Thursday, February 27, 2014

A Show of Power: Africans and African Americans in Science Fiction and Fantasy

A Show of Power: Africans and African Americans in Science Fiction and Fantasy

What is power? Some of us imagined having superpowers as children. Maybe it was the power to fly, deflect bullets, or climb walls. Was your power super-strength triggered by rage, or invisibility?
Did you visit new worlds through play? Remember how the blankets and pillows become a rocky terrain where your action figures went on adventures, fighting monsters and evil villains? There was power in creating your own stories, but how often did you see yourself in those stories?
Wearing the masks and costumes of our favorite superheroes took us outside of ourselves. We experienced worlds where good usually triumphed over evil. Sometimes, those worlds paralleled our own. When authentic Black characters appear in fantastic stories or possess amazing powers, they resonate with Black audiences. They also honor our history of achievement and overcoming discrimination, exclusion and racism in the U.S. and aborad.
This exhibition showcases the positive shift in popular culture where a growing number of Blacks use their powers to create and publish their own art and stories. It also celebrates how Blacks continue to inspire and influence the images and stories created by others.
Eugene Randolph Young,
Guest Curator
Milton Davis (author)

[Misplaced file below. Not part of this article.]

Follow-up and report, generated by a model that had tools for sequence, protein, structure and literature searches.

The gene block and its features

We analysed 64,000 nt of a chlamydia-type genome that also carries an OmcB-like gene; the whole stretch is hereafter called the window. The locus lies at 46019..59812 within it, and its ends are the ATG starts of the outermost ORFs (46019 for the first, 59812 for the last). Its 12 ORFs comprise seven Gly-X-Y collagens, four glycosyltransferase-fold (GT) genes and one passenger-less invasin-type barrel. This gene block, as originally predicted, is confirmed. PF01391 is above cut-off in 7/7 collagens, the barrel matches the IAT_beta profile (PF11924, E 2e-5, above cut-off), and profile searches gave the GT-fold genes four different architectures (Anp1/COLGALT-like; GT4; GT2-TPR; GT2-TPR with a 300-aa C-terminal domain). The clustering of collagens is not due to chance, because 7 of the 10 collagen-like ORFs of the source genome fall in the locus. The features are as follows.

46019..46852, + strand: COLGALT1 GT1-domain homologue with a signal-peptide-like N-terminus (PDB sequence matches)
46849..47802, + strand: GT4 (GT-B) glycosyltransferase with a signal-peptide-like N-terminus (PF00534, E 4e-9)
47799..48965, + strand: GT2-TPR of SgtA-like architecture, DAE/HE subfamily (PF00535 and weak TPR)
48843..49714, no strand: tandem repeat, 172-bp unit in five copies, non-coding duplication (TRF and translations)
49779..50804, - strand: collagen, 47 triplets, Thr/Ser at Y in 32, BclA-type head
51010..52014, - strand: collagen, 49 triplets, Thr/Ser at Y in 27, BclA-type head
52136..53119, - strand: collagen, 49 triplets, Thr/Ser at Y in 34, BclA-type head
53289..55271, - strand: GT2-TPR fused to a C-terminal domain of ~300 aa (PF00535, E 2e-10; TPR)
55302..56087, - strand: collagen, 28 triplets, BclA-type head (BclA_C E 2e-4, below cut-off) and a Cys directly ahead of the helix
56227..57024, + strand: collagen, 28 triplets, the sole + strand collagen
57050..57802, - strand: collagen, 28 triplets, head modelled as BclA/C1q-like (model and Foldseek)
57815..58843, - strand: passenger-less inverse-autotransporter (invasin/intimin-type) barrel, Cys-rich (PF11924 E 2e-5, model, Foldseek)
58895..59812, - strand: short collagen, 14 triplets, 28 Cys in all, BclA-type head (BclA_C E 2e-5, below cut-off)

Balogun Ojetade (author)
Afua Richardson (artist)
Aubrey Williams (artist)
K. Ceres Wright (author)
Daniel Stone (artist)
Stanley Weaver Jr. (artist)
Kristopher Moseby (artist)
Michael Buffington (artist)
City College of San Francisco
Louise & Claude Rosenberg Library
(3nd Floor display case, near elevators)
50 Phelan Avenue
San Francisco, CA 94112

Library Blog

Saturday, February 1, 2014

Turban Turbine

Sikhs have a part of our community for as long as I can remember, and continue to hold on to certain customs, no matter their profession or business.

This character is inspired by a tow truck driver who took me and a sickly Maxima from Richmond to Berkeley a few years ago. We spoke at length during the drive, mostly about family. He was surprised to hear that I was not already married. When I explained that I was not financially stable enough to pursue a relationship, he asserted that "Two can live as cheaply as one."

I'll never forget that ride.

(Watersoluble graphite and colored pencil on 65lb Canson Universal Sketch)